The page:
Yes, the trains ran regularly from St. Louis through Callaway County during 1863.
The Federals determined early in the war that they must control transportation infrastructure in Missouri in order to 1. keep Missouri in the Union, and 2. keep the territories and states west of Missouri in the Union. They permitted the original owners of the railroads in MO to continue operating them, primarily since there were mostly owned by New Englanders. Missouri railroads were not operated by the Union military as they were in other parts of the country. Throughout the war the railroads in MO were operated in an efficient manner when not affected by warfare. They were heavily guarded by Union troops throughout the war, and the Union military made frequent use of the railroads for troop movements.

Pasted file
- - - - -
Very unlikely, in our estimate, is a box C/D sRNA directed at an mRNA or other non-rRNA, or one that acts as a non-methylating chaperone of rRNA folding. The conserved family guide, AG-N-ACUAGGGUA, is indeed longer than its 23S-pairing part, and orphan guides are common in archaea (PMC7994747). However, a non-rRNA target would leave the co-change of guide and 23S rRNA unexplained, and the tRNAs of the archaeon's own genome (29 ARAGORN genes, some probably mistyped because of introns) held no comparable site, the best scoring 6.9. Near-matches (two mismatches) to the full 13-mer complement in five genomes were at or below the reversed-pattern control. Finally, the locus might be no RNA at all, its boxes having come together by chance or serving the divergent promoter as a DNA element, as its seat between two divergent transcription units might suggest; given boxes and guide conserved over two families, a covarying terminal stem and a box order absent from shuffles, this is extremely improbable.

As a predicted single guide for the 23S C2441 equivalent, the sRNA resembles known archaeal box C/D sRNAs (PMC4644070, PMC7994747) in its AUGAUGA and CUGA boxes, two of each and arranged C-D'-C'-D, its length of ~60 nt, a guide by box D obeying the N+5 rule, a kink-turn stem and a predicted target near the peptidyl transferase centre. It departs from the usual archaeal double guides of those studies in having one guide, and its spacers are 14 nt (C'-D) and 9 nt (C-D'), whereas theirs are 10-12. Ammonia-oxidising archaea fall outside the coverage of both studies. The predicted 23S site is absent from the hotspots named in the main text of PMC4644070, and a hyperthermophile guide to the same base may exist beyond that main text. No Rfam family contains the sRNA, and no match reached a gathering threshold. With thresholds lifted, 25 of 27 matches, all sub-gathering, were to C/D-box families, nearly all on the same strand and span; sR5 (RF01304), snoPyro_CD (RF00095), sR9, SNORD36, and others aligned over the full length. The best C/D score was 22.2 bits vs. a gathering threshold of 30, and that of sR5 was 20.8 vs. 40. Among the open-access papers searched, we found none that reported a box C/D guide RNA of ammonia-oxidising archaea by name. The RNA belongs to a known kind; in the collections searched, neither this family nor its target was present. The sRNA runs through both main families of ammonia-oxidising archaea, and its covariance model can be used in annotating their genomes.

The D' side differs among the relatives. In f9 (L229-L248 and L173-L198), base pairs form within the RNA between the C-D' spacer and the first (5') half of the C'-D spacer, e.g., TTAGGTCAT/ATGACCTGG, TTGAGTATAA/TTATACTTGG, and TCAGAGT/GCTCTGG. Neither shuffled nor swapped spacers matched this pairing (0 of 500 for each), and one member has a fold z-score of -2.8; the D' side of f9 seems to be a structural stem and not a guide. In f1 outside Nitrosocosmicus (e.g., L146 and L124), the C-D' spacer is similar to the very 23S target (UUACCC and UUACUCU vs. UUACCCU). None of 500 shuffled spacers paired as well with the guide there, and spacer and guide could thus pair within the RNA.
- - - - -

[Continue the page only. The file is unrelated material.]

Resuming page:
Missouri southerners resented this partnership between the Federal army and the state's railroads. However, after 1861 Missouri southerners refrained from a high level of sabotage against railroad infrastructure due to severe penalties imposed by Union military tribunals on those convicted for "bridgeburning" and on humanitary concerns that innocent lives could be lost in case of train wrecks brought about by sabotage.